When President Bush released his illegal immigration plan, I didn't jump on the story. I still won't bash or praise it because in order to determine if it's a good idea one has to look beyond the immediate, "stage one" effects (to use Thomas Sowell's term from his excellent Applied Economics). It's obvious that wage rates for unskilled labor has been pushed down due to illegal workers. But it is also true that employers saved money by using the lower-cost labor. They either passed those saving onto consumers (if their market is sufficiently competitive) or invested their increased profits in some other enterprise.
National security has to be considered as well. Open borders can mean easy access for terrorists. However, amassing troops at the border to prevent any illegals from entering would draw forces away from international hotspots like Iraq, Afghanistan, and North Korea.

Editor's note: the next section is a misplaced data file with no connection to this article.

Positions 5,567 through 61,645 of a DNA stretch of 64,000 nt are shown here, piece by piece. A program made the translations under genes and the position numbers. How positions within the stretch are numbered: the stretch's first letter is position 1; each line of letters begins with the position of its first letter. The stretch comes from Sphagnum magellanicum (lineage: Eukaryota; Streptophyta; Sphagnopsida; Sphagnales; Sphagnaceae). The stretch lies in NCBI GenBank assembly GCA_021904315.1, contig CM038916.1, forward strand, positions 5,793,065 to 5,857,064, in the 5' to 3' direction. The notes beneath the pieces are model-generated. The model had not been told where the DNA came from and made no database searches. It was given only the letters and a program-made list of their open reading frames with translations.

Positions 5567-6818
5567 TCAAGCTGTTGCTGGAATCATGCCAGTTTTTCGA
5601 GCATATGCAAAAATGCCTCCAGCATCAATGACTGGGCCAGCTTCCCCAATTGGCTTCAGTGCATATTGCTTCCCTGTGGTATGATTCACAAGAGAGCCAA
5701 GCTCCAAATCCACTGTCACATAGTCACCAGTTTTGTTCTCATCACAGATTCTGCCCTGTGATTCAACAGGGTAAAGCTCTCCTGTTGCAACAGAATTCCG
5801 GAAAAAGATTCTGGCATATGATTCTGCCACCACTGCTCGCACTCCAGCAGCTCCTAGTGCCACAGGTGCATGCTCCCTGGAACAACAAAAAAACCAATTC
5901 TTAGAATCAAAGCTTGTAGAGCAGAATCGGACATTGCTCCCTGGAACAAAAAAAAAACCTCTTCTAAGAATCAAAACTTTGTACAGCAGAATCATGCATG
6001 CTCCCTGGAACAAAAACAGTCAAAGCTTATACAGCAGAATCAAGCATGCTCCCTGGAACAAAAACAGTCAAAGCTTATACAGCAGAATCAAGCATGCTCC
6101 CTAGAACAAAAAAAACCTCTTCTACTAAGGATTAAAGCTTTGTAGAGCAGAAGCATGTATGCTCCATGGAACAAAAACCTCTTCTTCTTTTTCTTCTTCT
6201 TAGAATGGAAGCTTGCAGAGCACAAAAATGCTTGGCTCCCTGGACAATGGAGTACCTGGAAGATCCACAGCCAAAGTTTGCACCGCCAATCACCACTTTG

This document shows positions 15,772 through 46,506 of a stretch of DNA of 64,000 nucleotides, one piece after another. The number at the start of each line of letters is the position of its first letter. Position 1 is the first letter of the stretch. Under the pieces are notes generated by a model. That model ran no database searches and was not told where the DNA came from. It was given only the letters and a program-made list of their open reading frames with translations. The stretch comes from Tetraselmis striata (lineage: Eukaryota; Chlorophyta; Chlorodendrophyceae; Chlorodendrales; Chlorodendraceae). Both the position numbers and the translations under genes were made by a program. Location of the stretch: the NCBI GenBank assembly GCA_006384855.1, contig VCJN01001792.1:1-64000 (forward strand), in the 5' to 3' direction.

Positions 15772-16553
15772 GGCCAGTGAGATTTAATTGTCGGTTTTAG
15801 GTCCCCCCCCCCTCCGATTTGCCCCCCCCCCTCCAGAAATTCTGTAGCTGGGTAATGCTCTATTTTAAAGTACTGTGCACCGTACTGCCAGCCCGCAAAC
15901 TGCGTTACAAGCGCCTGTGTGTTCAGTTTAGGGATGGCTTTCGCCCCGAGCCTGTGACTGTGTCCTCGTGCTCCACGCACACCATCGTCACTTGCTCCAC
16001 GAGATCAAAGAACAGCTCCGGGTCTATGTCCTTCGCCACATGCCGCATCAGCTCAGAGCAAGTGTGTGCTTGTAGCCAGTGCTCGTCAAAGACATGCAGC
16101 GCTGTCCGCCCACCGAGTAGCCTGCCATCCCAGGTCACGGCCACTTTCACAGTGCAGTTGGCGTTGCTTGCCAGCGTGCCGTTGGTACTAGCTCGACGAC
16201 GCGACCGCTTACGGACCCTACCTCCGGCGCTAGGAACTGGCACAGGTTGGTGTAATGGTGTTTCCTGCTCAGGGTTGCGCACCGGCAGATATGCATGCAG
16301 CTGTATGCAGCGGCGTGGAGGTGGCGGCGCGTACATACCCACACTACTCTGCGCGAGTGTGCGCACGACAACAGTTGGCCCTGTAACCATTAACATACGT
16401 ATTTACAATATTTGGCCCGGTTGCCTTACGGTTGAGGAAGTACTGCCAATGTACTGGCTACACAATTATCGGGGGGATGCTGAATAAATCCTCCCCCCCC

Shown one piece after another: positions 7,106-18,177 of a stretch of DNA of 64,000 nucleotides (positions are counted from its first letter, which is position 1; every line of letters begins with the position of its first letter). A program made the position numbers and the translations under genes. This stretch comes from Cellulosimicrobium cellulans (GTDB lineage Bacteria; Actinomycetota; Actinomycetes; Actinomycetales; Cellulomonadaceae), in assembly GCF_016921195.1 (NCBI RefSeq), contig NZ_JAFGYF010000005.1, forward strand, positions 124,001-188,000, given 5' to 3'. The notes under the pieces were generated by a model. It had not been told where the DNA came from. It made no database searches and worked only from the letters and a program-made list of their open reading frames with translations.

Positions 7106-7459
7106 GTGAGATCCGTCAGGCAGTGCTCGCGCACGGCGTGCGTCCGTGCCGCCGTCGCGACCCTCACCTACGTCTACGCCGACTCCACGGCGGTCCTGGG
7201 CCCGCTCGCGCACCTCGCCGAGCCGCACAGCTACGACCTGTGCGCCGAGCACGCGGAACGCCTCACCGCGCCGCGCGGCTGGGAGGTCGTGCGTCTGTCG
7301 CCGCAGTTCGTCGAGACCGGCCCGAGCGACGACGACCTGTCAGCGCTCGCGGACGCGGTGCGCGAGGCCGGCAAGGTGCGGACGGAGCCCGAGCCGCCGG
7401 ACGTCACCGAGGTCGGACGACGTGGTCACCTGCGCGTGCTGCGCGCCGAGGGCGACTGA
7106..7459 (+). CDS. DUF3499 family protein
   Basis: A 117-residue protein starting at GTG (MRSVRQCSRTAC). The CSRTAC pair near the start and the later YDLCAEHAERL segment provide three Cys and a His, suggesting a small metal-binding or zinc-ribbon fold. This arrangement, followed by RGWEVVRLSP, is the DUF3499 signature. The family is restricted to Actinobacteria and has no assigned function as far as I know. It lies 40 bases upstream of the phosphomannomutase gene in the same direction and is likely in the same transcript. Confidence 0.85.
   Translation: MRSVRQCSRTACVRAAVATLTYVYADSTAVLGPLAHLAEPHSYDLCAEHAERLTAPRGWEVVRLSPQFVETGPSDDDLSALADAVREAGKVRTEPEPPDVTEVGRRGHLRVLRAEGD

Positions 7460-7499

Then there are the cultural effects. No one knows how American society would change due to the influx of immigrants who may decide not to assimilate. Past American history shows this hasn't happened. However with the rise of organized ethinic interest groups and Leftists who feel America is evil and has to be changed, assimilation may not happen as readily as it used to.
"One Man's Verdict on Bush's Illegal Worker Plan"
"Bush Immigration Reform--No Reform at All"
[Linked to OTB's Beltway Traffic Jam]
Ensight is hosting this week's Carnival of the Capitalists.
Net Doesn't Change Economics
Robert Murphy takes on critics who think free trade ideas are somehow obsolete because of the Internet.
"Free Trade and Factor Mobility"
January 06, 2004
Misty is hosting this week's Carnival of the Capitalists. If I were a conspiracy nut I'd think Glenn Reynolds has something against me (What, Glenn? What?). He linked to this week's CotC and the one from 12.15.03, but not the weeks Bejus Pundit or TAM hosted it. I'll just chalk it up to bad luck and the mountains of e-mail Glenn gets daily. How he can go through it all, I don't know. Let's see what happens when TAM hosts the Carnival of the Vanities at the end of January.